In July 1831, the Warrington and Newton Railway was opened, less than 6 months after the Liverpool and Manchester railway began service. A railway station was built at the junction of the two railways, a mile west of the town of Newton in Makerfield, now Newton-le-Willows and was given the name Newton Junction. A locomotive and wagon works was built just west of the station and a model town was constructed for its workers. In 1837, the name of the station was changed to Earlestown.
Locomotive building was concentrated in another area within Newton-le-Willows. Between 1833 and 1895 the Vulcan Foundry produced some 6,000 locomotives to become the 4th largest locomotive building firm in the country, almost 70% of which were exported. Vulcan Foundry received its final steam locomotive order in 1954, while Earlestown was home to the major wagon works.
Other significant (non-railway) employers in the town included Sankey Sugar, and T&T Vicars, who produced biscuit manufacturing equipment. There were also the nearby Lyme and Wood pits, located in neighbouring village of Haydock.
Newton-le-Willows has held a market by Royal Charter since the 14th century. By the 1890s, the Earlestown area of Newton-le-Willows had outgrown the older part of the town and so the market was moved to its current location in Earlestown and the market square is the town's centre-piece. Today trading takes place on Friday, with a mixed flea market/car boot sale every Saturday. The Saturday Market features many regular traders selling tools, clothing, antiques, records, DVDs, model railways, wartime memorabilia as well as cheap house clearance and bric-a-brac.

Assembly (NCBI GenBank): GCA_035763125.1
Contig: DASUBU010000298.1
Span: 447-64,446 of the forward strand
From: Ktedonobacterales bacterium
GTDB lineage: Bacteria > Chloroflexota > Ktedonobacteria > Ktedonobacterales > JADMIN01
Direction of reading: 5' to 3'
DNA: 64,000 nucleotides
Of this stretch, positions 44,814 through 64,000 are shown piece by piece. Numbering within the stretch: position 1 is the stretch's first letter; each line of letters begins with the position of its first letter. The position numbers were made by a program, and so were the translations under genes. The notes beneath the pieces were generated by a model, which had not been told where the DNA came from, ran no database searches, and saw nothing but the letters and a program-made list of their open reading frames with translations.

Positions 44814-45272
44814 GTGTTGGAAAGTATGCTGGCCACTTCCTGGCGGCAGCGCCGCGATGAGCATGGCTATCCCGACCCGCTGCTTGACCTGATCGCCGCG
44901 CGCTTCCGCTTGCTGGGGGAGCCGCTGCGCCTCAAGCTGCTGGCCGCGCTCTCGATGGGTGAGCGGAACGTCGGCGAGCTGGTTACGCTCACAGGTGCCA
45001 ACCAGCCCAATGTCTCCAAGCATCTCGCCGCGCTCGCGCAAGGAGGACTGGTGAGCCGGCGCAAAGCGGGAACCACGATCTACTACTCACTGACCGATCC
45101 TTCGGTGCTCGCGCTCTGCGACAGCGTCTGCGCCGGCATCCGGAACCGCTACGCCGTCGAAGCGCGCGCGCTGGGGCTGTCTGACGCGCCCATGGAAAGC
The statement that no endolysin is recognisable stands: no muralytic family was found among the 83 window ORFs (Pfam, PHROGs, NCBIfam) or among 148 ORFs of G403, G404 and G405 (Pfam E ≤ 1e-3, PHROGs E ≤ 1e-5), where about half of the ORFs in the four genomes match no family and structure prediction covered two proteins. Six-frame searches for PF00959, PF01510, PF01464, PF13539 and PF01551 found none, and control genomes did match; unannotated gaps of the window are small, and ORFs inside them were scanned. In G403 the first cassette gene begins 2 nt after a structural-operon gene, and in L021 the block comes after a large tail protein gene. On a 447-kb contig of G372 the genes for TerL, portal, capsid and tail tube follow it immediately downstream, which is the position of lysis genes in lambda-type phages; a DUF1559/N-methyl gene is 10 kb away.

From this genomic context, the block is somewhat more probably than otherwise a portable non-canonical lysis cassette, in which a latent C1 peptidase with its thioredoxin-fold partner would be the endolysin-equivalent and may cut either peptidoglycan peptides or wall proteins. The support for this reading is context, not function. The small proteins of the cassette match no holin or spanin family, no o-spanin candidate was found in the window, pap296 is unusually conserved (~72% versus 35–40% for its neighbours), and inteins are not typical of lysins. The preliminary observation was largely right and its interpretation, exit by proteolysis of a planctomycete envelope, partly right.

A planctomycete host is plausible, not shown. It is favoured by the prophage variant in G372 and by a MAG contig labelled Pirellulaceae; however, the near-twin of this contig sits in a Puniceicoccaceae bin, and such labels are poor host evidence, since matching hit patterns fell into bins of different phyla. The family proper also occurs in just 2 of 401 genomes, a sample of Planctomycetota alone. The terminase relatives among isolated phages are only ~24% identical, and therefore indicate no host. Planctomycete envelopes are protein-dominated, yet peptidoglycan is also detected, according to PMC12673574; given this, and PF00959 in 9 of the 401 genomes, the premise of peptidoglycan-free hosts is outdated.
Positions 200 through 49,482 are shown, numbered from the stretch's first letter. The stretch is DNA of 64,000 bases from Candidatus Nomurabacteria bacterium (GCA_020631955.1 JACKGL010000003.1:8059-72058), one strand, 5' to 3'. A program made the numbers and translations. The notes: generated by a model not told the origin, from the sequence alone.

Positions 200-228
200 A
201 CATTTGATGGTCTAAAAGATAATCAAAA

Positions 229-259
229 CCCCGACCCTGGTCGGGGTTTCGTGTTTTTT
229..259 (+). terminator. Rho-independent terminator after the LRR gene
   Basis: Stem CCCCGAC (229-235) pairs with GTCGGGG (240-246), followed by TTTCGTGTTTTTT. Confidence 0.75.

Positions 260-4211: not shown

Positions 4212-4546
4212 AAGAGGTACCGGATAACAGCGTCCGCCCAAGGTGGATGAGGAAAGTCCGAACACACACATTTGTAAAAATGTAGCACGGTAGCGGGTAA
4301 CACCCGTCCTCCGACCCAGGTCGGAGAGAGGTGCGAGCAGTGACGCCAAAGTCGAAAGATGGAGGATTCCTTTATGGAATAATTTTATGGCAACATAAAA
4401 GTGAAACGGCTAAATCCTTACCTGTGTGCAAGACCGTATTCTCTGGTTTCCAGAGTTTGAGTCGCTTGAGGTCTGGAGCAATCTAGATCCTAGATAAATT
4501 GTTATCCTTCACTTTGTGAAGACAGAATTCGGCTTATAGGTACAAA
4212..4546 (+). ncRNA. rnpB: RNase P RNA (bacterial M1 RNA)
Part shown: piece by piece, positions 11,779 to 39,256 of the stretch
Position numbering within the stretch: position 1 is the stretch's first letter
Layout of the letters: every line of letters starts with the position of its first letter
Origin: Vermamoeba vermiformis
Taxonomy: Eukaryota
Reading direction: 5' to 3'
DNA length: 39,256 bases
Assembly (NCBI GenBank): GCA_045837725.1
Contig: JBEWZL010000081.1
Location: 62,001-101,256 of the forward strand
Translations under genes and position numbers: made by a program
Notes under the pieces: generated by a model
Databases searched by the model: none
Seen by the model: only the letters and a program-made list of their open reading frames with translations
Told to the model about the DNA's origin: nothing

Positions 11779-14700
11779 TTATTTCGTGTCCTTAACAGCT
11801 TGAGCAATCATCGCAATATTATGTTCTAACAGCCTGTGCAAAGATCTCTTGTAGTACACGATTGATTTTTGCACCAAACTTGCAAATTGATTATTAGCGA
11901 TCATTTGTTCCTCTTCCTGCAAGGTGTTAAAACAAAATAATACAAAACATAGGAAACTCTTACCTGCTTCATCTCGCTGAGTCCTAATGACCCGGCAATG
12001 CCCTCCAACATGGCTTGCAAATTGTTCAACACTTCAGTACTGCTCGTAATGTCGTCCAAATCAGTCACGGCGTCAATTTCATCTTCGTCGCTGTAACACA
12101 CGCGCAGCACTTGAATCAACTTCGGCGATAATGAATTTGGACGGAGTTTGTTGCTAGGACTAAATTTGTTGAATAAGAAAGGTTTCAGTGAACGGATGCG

Earlestown Town Hall is an imposing building, fronted by a war memorial. In 1962 the Beatles visited Earlestown for a night gig and played at the town hall. On the same night Newton Boys Club on Graffton Street was opened by Frankie Vaughan for the local community.
Another significant building included the art-deco former Curzon cinema which was demolished in January 2010.
Earlestown has a small but busy town centre with many shops including high-street outlets such as Tesco, Boots, Wilko and several high street banks alongside independent retailers, bookmakers and fast-food takeaways. There are a range of traditional pubs, such as The New Market, The Ram's Head, The Railway Inn, The Griffin, and The Wellington. Earlestown is well served by many fast food outlets offering a good range of Indian and Chinese dishes as well as fish and chips and the ubiquitous McDonald's. Most of the local restaurants are curry houses; Earlestown's 'curry quarter-of-a-mile' on Queen Street has three Indian restaurants and a Tandoori take-away.
Earlestown is one of two council wards within Newton-le-Willows.
Due to its role in the history of rail travel, Earlestown has good rail connections with its railway station having frequent services to Liverpool, Manchester, Warrington and North Wales. Earlestown is also well located as far as the road network is concerned, being close to junction 9 of the M62 motorway, junctions 21A, 22 and 23 of the M6 motorway, and the A580 East Lancashire Manchester-Liverpool road.
Sankey Viaduct seen from the Sankey Valley Country Park.
- "St Helens ward population 2011". Retrieved 13 January 2016.
- "Marking 150 years of Earlestown with event". Warrington Guardian. 28 February 2003. Retrieved 19 May 2021.
- "A town built on the railway". St Helens Star. 30 January 2014. Retrieved 19 May 2021.
- "History of the Vulcan Foundry". Newton-le=Willows. Retrieved 19 May 2021.
- Wood Pit Explosion, Haydock, GENUKI, retrieved 23 August 2009
- "Live: Town Hall, Newton-le-Willows". Beatles Bible. Retrieved 18 May 2021.
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